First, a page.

Eastern Partnership Summit and Belarus: Nothing for Nothing



BB № 04/2011BY, 07 October 2011

 By Dzianis Melyantsou


Warsaw played host to the second summit of the Eastern Partnership initiative on September 29-30, which failed to generate a new impetus to the development of that political dimension, and where Belarus was represented at the minimum possible level. Nevertheless, this country found itself in the limelight of the summit in connection with a new plan to salvage Belarus proposed by the Polish premier. The following conclusions can be drawn based on the results of the summit and recent developments in the Belarusian-European relations:

   1. The Eastern Partnership fails to offer stimuli necessary for the Belarusian authorities to embark upon reforms. The financial and other possibilities of the EaP remain very much limited;
   2. However, there is little chance Belarus will withdraw from the Eastern Partnership because of the potential significance of Minsk’s engagement in the partnership program with the European Union and the need to counterweigh the pressures coming from Moscow;
   3. The “Tusk plan” proposed at the summit will only interest Minsk when it has been fleshed out and finalized, furthermore, its implementation mechanism must become more flexible;
   4. Belarusian official diplomacy shows a high degree of efficiency, which may have negative consequences for the Eastern Partnership, should the political isolation of Minsk persist;
   5. A consistent strategy on Belarus based on the tasks and objectives shared by all EU member-states is clearly called for.


No Breakthrough

The Eastern Partnership started showing definite stagnation symptoms during the second year of its existence; the initiative clearly needs a new impetus to continue its progress. Talks over European Union Association Agreements with the EU partners have been taking too long, the signing of the Agreement on Deep and Comprehensive Free Trade Areas with Ukraine has been postponed many times (talks over DCFTA accords with other countries of the region have not even started yet), and the visa liberalization processes appeared to be much more complicated than originally planned. The Euronest parliamentary dimension of the Eastern Partnership was born in great pains and over an unexpectedly long period of time (the dimension was inaugurated this spring without a delegation from Belarus). In other words, the situation looks as if there is still a long way to go to attain the goals of the Eastern Partnership.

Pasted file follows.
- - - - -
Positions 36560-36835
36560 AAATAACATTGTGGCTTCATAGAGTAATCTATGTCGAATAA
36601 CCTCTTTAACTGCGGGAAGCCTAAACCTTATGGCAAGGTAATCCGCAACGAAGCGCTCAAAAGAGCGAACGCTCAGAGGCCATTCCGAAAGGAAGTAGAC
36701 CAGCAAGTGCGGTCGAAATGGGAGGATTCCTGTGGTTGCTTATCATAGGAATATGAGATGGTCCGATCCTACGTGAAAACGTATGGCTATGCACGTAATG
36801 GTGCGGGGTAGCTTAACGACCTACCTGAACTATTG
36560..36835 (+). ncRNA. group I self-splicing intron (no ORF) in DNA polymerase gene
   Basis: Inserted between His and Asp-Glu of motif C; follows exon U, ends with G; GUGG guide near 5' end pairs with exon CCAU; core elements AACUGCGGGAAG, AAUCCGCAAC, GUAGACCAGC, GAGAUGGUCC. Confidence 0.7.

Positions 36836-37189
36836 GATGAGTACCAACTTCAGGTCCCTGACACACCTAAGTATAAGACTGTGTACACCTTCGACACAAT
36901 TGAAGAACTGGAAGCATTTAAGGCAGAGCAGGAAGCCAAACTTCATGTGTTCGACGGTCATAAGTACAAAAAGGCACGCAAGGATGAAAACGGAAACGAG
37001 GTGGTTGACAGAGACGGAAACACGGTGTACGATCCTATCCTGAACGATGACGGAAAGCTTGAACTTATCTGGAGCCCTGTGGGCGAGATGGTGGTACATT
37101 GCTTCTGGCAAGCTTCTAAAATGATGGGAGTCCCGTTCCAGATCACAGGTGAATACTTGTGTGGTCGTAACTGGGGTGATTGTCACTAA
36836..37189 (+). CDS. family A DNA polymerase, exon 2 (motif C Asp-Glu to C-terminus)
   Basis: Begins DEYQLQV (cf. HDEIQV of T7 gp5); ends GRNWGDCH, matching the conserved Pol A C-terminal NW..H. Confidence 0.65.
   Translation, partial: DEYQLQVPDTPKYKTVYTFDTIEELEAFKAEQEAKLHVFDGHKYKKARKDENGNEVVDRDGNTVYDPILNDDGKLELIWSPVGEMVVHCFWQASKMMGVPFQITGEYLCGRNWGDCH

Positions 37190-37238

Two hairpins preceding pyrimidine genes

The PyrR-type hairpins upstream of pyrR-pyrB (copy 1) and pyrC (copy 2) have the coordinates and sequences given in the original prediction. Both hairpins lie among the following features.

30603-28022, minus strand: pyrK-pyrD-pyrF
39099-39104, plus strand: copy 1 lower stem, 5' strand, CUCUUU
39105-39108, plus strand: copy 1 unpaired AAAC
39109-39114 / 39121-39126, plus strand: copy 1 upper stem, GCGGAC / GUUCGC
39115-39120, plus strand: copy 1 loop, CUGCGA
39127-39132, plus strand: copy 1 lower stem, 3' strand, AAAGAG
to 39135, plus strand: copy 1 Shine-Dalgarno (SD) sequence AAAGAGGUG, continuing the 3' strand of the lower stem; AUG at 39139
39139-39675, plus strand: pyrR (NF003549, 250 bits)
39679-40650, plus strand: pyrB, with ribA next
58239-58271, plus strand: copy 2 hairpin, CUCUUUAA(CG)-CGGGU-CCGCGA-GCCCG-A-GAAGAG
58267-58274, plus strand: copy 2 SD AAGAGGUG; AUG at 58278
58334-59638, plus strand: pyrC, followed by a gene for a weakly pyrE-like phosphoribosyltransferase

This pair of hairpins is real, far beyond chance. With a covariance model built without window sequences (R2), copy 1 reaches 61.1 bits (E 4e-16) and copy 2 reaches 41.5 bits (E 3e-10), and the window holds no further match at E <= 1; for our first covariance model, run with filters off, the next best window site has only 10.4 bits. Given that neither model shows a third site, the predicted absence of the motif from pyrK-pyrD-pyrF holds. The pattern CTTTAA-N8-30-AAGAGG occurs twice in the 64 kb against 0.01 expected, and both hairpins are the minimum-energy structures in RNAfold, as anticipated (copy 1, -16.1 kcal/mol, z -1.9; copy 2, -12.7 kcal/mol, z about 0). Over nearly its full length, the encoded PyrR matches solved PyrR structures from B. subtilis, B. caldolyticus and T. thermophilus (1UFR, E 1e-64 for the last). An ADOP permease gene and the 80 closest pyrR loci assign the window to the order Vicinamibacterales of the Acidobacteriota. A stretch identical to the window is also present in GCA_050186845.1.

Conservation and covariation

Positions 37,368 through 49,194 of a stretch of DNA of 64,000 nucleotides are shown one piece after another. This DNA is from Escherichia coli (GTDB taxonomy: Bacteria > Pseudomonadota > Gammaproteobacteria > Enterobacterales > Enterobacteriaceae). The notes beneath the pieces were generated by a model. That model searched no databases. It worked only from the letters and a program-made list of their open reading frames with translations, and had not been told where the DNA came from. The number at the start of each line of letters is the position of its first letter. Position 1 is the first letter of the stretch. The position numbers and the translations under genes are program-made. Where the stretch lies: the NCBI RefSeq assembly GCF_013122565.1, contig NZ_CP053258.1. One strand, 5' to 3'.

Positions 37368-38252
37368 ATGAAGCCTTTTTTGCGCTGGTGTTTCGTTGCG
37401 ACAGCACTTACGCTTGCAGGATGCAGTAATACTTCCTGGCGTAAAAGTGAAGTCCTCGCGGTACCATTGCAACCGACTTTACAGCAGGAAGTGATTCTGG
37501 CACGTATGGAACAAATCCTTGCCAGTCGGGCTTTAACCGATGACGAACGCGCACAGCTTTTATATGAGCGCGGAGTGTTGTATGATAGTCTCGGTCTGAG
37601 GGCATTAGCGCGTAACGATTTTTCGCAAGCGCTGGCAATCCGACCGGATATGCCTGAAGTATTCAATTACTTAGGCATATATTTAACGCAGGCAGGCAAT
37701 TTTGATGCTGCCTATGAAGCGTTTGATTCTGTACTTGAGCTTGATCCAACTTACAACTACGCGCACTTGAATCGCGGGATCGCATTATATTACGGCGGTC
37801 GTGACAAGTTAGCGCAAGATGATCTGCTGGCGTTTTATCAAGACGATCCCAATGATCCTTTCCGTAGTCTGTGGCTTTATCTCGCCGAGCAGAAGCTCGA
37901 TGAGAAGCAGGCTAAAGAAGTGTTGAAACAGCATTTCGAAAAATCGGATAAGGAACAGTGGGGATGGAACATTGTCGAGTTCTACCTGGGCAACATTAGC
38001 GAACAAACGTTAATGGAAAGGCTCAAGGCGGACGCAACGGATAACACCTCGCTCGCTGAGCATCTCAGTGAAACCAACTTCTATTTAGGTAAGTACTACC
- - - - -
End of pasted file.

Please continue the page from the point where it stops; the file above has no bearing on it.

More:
High hopes had been pinned in the Polish EU Presidency, which started on July 1, 2011, regarding the intensification of the EaP development. First of all, Warsaw is genuinely interested in cooperating with Eastern European countries; furthermore, it was Poland that initiated a new common policy towards Eastern European neighbors of the European Union back in 2008. In this context, it was the Polish EU Presidency that was likely to make new ambitious proposals with a view to facilitating deeper integration processes in the region. On the eve of the second EaP summit, analysts and observers in the EU and its partner countries shared the potential approaches that the EU could have implemented to enhance the appeal of the initiative, starting from a simplified procedure for cancelling visa limitations and finishing with a substantial increase in financial assistance and even the prospects of the EU membership.

However, no proposals of this kind were made at the summit. The participants welcomed the establishment of the Eastern Partnership Business Forum (the first one was held in Sopot on September 30) and the launch of the Comprehensive Institution Building programs, which are designed to support the implementation of the future European Union Association Agreements. Also, an agreement was reached on the speedy implementation of five pilot initiatives, announced back during the initial phase of the EaP creation. The delegates welcomed the inauguration of the Conference of the Regional and Local Authorities for the Eastern Partnership (CORLEAP) and reached the agreement that the Civil Society Forum must play a more significant role in the work of the Eastern Partnership.

At the same time, Paragraph 22 of the Joint Declaration adopted at the EaP Summit in Warsaw is somewhat alarming: it says that support for civil society has been and will be provided “possibly through the establishment of a Civil Society Facility and a European Endowment for Democracy”, although the two financial instruments are defined much more distinctly in the new version of the European Neighbourhood Policy. However, the most crucial news coming from the Summit was the increase in the EaP budget for 2010-2013 to 1.9 billion Euros, which nevertheless will hardly save the initiative (simply divide the total by six recipient countries and four years and get quite modest figures). Therefore, when evaluating the EaP only as a potential instrument to extend financial support, it cannot be considered an attractive project.